Top Ten Tuesday is was created by The Broke and the Bookish, and is now hosted by That Artsy Reader Girl. It’s all about books, lists and sharing the love we have of both with our bookish friends. This week, we’re talking about books we’d heard a lot about – and that lived up to our expectations.
Hype: love it or hate it, it’s hard to escape it. You see the chatter on Twitter and Goodreads, you maybe avoid the reviews, but you see the names popping up on Top Ten Tuesdays and book tags. Before you know it, you’ve got the Impression that this one might be Really Good. Other times, we do it to ourselves: we get Expectations because it’s That Author or Those Tropes. And sometimes, just sometimes, the books live up to the devastating weight of what we think we’ll think about them…
I’m often really slow to pick up books that are hyped precisely because I’m leery of it. So it’s a delight when I finally do and they’re every bit as good as everyone told me they’d be.
The Lies of Locke Lamora – Scott Lynch
I read Locke Lamora before my book blogging days, but there was no escaping the buzz around this book. It was everywhere, for a start – bookshops practically pushing it into your hands – and I honestly don’t know why it took as long as it did for me to give in and read it. Clearly I have no regrets: I just bought my second copy of The Republic of Thieves, because matching editions.
The Memoirs of Lady Trent – Marie Brennan
I missed the first couple of Lady Trent books coming out (although I’d noticed the amazing cover art), but I couldn’t miss how excited a number of my fellow book bloggers were to get their hands on The Labyrinth of Drakes. It still took another year or so for me to get on board, but oh my word I’m glad I did. Happy warm fuzzy dragon feelings for the win.
The Fifth Season – N K Jemisin
I actively didn’t-read The Fifth Season as I’d had mixed feelings about the Dreamblood duology, and I was WRONG. This is currently up there for me as Probably the Best Fantasy since the Printing Press, because it leaves me utterly breathless. Hey, let me add to that hype.
The Expanse – James S A Corey
…another one I was actively not-reading. I heard the hype, checked out the synopsis and OH LOOK it was another book about white dudes in space solving issues. Yawn, I thought, and ignored it. MY MISTAKE. Although I’m quite glad I was able to binge the first 7 books, because how people who read at the pace of publication coped with the cliffhangers I’ll never know.
The Hunger Games – Suzanne Collins
Pfft, thought I back in the day. One of them there Young Adult books. Yes, I was a snob and a fool, and I’ve become a better person since then, okay? I learned. Because when I did finally get round to The Hunger Games (having seen and mostly enjoyed the film), needless to say I didn’t put it down until I finished Mockingjay. I have a great deal of respect for this trilogy, although I’ll probably always re-watch the films instead of re-reading the books.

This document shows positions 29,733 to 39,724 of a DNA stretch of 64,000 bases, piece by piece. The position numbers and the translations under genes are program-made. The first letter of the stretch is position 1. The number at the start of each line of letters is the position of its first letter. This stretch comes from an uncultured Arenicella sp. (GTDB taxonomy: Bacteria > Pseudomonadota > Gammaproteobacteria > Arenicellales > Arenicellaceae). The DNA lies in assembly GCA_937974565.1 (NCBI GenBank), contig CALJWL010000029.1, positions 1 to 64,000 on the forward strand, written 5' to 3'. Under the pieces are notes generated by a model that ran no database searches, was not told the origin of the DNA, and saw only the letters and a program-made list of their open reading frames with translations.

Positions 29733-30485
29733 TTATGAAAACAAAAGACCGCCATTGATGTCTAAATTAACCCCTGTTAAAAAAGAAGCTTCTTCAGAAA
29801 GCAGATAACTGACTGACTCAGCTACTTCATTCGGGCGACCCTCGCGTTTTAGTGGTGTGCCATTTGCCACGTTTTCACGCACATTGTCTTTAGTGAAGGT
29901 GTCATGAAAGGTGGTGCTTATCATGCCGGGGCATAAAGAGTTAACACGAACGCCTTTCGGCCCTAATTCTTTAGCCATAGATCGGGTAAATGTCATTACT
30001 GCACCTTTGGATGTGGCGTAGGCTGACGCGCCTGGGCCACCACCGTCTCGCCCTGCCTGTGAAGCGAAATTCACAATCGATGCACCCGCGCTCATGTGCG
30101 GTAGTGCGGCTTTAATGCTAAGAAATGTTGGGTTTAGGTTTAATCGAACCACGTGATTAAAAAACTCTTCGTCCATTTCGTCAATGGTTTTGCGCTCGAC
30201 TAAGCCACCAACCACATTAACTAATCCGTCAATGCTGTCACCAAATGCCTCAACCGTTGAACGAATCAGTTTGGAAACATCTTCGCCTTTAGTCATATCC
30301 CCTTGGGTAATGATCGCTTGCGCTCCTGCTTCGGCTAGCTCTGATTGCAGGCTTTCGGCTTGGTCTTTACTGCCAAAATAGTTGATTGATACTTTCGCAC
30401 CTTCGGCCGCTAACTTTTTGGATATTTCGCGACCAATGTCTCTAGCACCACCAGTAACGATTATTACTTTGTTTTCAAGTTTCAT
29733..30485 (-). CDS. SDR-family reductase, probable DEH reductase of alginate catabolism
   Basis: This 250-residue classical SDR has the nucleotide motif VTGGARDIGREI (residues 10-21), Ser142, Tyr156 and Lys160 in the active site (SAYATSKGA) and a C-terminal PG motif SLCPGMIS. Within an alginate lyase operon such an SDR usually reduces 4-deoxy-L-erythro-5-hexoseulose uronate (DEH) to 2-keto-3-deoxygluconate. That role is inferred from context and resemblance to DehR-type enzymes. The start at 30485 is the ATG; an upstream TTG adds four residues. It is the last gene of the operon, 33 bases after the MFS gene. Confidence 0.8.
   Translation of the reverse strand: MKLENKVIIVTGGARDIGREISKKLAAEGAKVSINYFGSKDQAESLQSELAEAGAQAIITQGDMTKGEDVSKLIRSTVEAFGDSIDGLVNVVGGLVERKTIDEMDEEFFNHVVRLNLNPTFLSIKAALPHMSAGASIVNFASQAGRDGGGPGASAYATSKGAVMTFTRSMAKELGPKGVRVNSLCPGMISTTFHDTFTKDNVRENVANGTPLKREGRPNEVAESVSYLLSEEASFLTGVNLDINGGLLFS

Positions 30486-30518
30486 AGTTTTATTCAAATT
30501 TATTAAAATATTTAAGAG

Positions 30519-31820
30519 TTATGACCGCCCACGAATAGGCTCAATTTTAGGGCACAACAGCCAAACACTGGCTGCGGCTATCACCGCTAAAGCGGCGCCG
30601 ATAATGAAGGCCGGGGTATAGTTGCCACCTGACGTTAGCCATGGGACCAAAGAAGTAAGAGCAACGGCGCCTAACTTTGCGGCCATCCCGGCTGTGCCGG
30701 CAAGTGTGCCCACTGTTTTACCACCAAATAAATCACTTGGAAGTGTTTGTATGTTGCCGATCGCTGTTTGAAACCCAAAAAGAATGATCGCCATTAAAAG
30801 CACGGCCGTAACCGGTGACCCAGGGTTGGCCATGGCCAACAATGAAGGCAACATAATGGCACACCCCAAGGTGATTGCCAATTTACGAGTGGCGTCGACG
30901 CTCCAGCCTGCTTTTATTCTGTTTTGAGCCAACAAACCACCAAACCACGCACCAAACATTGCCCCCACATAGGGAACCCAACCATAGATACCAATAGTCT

Swordspoint – Ellen Kushner
The classics of the genre have a different sort of hype – fewer Tumblr posts and Top Ten Tuesday references, more DIckensian shock if you don’t like them. I hadn’t read Swordspoint because it wasn’t particularly easy to get hold of… but it won me over with its pointy-sharp characterisation and social skewerings. I’m overdue a reread, I think.
The Long Way to A Small Angry Planet – Becky Chambers
This falls into the Locke Lamora bucket for me: I’d seen it everywhere and (in this case) been stopped in my tracks transfixed by the gorgeous cover art – but somehow never picked it up. Hooray for read-alongs, which let’s face it have been the deciding factor in me giving in to the hype of half the books on this list! My heart was not ready.
Every Heart a Doorway – Seanan McGuire
Speaking of my heart, I knew about the hype but somehow I wasn’t ready for this powerful novella, either. It’s a perfect pitch for my tastes, and I generally enjoy McGuire’s work, but I didn’t appreciate what a powerful emotional punch she could pack.
A Darker Shade of Magic – V E Schwab
Erm, you know I learned from my mistakes with The Hunger Games? It doesn’t mean I rush to pick up YA titles – quite the opposite, I’m very cautious (as I find love triangles unreasonably irritating). This series hovers near the borders of YA, so it took me a while to dip my toe (ably pushed in to the deep end by my fellow Muskedragons) – but I adored every page of its swashbuckling world-hopping magical adventure.
The Tethered Mage – Melissa Caruso
I didn’t hesitate to read The Tethered Mage because I was nervous, I was just awfully busy and distracted – and the hype only grew while I delayed. But I’m delighted to say it’s my new favourite thing, for its thoughtful world-building, powerful female characters and their interesting relationships. Lady scholars in trousers. Reddit doesn’t understand why that’s awesome, but then that’s why I don’t hang out on Reddit.
What books have lived up to your expectations? Which ones let you down?